Why did KCPR change my life? I learned that our inherent talent can be enough to tackle new challenges and succeed, whether or not you are ready or even understand what you are getting into. My time with the station gave me confidence that I could find myself in a new situation and figure out how to get from here to there. Without KCPR at that pivotal time, I might not have had the courage that eventually transported [me] to a place where I exceeded any hope or dream I might have had when I landed at Cal Poly.
I grew up poor. My father was a laborer on the Southern Pacific Railroad, and died of a heart attack when I was 12. My mother suffered from bipolar disorder, and only barely held things together. I was handed off to relatives or friends of relatives for several long periods of time. I had no lofty goals or expectations for the future based on my life experience. I remember thinking that grocery store checkers made good money and, since my parents knew the owners of a local store perhaps, that would be something I could aspire to.
I had two good breaks early on. In high school, I entered the Vocational Agriculture program and became involved with the local Future Farmers of America chapter. That gave me the courage to imagine myself actually going to college as I saw others do. Cal Poly was a top college choice for anyone involved with farming, ranching or agriculture. With the help of scholarships, I enrolled as an animal science major in 1971 and graduated in 1975.
My second break occurred when a friend talked me into volunteering at KCPR and I signed up for the DJ training class. A whole new world opened up. I started typing out log sheets and, eventually, became a DJ trainer, then finally General Manager of the station. I enjoyed my alter-ego Morgana Hill. Everything about working at KCPR was exciting and satisfying. It was like being part of a giant experiment, where the kids ran the business. We had a lot of fun, but it was also a serious undertaking and gave all of the staff an opportunity to take on a real mission.
My time at KCPR was probably more important in preparing me for life than any of my academics at Cal Poly – although those were also the best experiences anyone could hope to have. Through KCPR, I learned what it was to be a leader, to take responsibility, to coach others and work in a team and I had a chance to learn those lessons early.
I added a second major since KCPR was part of the journalism program. I found I had a knack for writing. After graduation, I started out as a technical writer and [that] progressed quickly [in]to a project manager position in Bank of America’s information systems organization. I had the opportunity to head up a project investigating how regional ATM networks provided security to their cardholders and, in a few years, I became Vice President of Information Security at Bank of America.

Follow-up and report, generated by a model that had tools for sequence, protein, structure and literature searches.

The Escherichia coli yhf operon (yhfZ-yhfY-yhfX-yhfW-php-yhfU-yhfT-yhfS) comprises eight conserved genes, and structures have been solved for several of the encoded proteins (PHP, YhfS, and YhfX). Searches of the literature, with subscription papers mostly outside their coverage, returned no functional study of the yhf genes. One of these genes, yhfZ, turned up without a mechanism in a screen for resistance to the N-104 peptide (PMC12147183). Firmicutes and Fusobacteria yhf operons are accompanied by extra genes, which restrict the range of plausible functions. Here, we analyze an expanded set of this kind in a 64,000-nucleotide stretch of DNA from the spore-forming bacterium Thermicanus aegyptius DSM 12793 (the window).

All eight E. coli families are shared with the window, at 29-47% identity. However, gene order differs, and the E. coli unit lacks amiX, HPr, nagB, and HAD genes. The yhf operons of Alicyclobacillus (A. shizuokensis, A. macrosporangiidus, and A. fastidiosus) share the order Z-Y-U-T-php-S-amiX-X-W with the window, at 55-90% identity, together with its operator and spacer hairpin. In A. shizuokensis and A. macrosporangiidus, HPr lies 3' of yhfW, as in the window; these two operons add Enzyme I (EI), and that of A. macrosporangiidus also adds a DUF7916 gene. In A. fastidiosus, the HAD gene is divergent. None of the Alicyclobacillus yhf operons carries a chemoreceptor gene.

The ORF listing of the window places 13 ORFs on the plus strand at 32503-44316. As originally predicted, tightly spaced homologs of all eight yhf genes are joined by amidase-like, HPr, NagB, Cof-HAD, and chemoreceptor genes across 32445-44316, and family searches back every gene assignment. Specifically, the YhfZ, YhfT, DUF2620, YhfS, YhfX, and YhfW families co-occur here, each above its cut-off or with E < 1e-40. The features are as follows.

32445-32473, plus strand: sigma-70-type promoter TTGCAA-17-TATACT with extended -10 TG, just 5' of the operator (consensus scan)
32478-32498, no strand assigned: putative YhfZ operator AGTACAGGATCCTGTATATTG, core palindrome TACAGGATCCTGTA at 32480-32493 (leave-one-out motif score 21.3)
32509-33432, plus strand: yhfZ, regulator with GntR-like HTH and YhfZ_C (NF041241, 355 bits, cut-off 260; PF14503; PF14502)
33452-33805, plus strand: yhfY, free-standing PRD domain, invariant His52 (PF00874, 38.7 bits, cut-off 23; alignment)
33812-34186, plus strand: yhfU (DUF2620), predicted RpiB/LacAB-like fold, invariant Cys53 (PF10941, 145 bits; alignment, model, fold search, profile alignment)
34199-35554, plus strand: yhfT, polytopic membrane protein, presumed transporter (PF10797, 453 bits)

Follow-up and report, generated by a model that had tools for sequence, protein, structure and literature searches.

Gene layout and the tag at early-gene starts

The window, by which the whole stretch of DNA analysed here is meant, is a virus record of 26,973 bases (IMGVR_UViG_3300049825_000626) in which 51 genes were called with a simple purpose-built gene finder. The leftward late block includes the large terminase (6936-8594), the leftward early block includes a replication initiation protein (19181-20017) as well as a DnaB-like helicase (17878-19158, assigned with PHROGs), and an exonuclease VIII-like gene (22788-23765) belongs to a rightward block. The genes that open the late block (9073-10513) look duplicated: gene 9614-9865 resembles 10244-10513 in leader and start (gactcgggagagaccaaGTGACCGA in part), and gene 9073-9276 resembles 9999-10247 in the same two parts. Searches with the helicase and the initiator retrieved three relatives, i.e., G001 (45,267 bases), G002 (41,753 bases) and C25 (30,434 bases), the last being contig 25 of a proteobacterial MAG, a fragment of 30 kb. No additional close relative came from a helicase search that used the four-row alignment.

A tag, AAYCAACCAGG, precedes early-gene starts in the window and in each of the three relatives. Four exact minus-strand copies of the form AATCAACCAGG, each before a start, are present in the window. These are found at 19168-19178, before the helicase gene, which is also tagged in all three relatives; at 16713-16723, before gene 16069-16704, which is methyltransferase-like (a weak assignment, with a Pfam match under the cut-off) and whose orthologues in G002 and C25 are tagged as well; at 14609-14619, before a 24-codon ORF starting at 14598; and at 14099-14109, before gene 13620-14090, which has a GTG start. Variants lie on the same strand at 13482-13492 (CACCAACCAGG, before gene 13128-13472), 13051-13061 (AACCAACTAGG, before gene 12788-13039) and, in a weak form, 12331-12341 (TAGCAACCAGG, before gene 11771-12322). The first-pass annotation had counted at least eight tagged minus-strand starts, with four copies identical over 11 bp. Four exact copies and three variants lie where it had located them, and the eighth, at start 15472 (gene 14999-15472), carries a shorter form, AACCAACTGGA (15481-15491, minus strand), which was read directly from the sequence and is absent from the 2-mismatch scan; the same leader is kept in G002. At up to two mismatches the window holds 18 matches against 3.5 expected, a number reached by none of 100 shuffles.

I am proud to have been an influence in defining the computer security industry. I helped create the professional organization “Information Systems Security Association” and develop their certification process. I was asked to head the Data Security Committee of the American Bankers Association and testified before Congress on behalf of the Computer Security Act of 1984, which created the federal computer crime statute in the United States. I left Bank of America and joined Deloitte Consulting to help build their first information security practice.
I later moved to the field of marketing and reimagined my career. In a few years, I was responsible for marketing, advertising and P[ublic] R[elations] for a $2 billion technology organization. I eventually retired from full-time work and consulted part-time for the rest of my career. I was a very long way from the beginning of my journey, but it was an exciting and satisfying one. Since then, I have spent my time enjoying the beauty of the Lake Tahoe area and traveling about half the time.
I look back now and realize that one of the most precious gifts I received from my time at KCPR was a lifelong appreciation of music that enhances my life to this day. I have been fully retired and [I’m] in my mid-60s now. I sometimes dream that I am back at Cal Poly. Sometimes I’ve just arrived and can’t find my class, sometimes I am about to graduate and can’t figure out if I have enough credits. I wake up and recognize that there is still magic hovering about this time and place for me.